On November 15, Oujé-Bougoumou inaugurated the beautiful new building of the Aanischaaukamikw Cree Cultural Institute (CCI). The longhouse and wigwam inspired building will be housing a museum showcasing many artefacts from Cree history as well as a research and documentation centre, classrooms and a demonstration room where Cree traditions and lore will be taught.

Twenty years in the making, the institute could not have happened without the help of the governments of Canada and Quebec, the many generous private donors, and the hard work of CCI president Dianne Ottereyes Reid as well as the Aanischaaukamikw Foundation. It was only in March 2009 that sufficient funds were available to begin construction with the groundbreaking happening eight months later.

Attending the CCI’s grand opening from the Quebec government were Christine St-Pierre, the Minister of Culture, Communications and the Status of Women, and Geoffrey Kelley, Minister responsible for Native Affairs.

Also in attendance were Grand Chief Mathew Coon Come, Oujé-Bougoumou Chief Reggie Neeposh, Aanischaaukamikw Foundation president Abel Bosum, and NDP MP Romeo Saganash.

Coon Come stressed that the CCI’s new building is a reflection of the self-determination of the Crees to take control of their cultural heritage. “We are embarking on a new phase in our efforts to preserve our language and our traditional ways. Aanischaaukamikw will preserve, study and promote Cree culture and language,” he said.

During her speech, St-Pierre presented the institute with $275,000 for a permanent exhibit to be opened in June 2012. She stated, “It’s a dream come true for the people here and Dianne [Reid], and also it’s an investment which is very important for the government of Quebec and the strategy of the Plan Nord. The Plan Nord is an economic development [plan] but it’s also the development of the culture and the traditions and we want to make sure that they are protected.”

Kelley said, “It’s a very happy day because we have to celebrate things cultural and this will be a reference point for the Cree culture and language. I’m very excited that it will have a research component and an educational component. But the thing that’s exciting as well is that for too long we marginalized First Nations cultures in Canada but today it’s a celebration demonstrating that the Cree culture is [vast], has a long past, and will have a rich future.”

The building was designed by renowned Aboriginal architect Douglas Cardinal who, with the guidance of the Elders, worked on the Cree-inspired design of the building. Cardinal is known for his ability to design buildings that blend in with their environment. In the early 1990s, he drew up the master plan for the village of Oujé-Bougoumou and designed its main public buildings, but this new addition to the village is the most impressive one yet.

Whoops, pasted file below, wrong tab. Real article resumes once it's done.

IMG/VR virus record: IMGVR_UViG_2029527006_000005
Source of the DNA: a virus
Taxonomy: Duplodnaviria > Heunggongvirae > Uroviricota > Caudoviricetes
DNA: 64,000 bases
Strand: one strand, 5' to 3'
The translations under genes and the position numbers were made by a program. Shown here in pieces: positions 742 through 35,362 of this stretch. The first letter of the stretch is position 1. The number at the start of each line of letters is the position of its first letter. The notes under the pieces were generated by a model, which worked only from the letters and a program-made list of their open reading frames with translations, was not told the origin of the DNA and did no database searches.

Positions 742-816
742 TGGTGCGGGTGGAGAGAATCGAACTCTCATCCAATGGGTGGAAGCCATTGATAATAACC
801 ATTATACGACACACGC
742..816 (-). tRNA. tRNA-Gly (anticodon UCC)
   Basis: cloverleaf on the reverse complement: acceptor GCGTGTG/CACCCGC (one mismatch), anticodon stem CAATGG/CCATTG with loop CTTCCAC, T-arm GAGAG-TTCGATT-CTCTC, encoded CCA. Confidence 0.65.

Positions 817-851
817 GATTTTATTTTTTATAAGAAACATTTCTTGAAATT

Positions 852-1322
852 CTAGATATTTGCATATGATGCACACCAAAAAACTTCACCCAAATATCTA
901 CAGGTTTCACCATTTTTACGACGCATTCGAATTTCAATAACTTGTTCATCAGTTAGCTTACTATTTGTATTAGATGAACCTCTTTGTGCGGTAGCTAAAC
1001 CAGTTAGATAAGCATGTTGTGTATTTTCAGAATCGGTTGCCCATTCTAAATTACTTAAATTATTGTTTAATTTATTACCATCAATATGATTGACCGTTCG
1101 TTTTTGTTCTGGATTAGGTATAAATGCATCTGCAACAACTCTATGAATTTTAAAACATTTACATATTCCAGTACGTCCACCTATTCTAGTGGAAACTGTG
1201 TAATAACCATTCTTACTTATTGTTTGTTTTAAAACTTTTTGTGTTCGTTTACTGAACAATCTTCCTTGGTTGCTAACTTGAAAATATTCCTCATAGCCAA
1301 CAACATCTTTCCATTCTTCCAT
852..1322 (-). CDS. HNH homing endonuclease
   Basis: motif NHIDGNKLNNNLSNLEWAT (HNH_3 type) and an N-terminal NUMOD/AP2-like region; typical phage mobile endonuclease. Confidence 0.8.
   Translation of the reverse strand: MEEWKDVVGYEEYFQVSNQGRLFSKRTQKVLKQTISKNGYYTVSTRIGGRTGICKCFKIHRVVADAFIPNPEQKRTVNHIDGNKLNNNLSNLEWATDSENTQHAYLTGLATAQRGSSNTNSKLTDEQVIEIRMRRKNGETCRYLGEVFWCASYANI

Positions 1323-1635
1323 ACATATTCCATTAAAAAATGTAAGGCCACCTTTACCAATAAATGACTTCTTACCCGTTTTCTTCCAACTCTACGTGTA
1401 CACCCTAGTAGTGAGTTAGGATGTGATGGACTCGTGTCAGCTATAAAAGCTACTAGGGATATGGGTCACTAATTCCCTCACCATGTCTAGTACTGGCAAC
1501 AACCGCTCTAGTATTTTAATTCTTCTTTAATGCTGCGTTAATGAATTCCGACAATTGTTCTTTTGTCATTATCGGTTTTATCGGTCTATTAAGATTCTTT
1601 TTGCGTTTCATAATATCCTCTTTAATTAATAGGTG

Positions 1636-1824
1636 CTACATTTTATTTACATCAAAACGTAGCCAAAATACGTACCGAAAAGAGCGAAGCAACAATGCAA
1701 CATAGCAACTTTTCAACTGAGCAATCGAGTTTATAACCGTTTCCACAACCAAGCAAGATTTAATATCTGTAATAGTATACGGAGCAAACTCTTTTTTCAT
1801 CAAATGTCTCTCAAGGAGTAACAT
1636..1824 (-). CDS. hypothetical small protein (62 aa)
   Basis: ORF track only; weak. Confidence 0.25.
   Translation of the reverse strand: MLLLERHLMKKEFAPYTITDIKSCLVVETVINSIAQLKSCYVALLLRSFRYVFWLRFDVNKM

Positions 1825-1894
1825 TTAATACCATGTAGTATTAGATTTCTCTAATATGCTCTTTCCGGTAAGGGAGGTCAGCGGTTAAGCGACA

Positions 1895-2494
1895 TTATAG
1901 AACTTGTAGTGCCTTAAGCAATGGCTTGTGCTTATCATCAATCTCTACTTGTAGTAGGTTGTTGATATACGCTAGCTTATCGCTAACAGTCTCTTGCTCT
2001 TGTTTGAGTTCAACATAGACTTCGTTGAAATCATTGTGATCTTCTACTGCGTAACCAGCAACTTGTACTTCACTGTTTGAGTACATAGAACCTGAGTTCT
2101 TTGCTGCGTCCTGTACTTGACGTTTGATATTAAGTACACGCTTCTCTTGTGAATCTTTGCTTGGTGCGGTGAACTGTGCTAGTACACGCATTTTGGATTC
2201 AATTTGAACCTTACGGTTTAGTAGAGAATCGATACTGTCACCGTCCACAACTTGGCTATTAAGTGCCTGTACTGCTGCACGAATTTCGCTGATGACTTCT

The building’s exterior is inspired by the wigwam as well as the longhouse with large windows to let the natural light in. With its large roof and high wooden arches, the interior is quite awe-inspiring and resembles the rib cage of a giant wooden whale. Modern and sleek, it combines contemporary technology with the essence of the traditional past.

The inaugural exhibition room layout, designed by the Lupien-Matteau architect firm, is breathtaking with every part of the exhibit flowing with the next, showcasing the many exquisite artefacts from Cree history. Projected on screens around the exhibit are videos of Elders recounting tales from long ago and thus preserving them for future generations.

The housing of Cree artefacts on Cree territory marks a milestone for the hard work of the Elders who just want to pass their knowledge on to the next generation. Sandra Weizman, the curator of the inaugural exhibit, said, “Many of the artefacts are on loan from other museums and private collections from the world over with the best and the oldest from Europe.” The gathering of the artefacts was a long arduous process and being able to bring them back to Cree territory is an accomplishment in itself.

Aanischaaukamikw will certainly become a central hub for Cree culture and will inspire artists who can contribute to the development of contemporary Cree art.

Located between Chibougamau and Chapais, Oujé-Bougoumou is the perfect place for the CCI, making it accessible to the other eight Cree communities as well as turning it into a major tourist attraction for the region.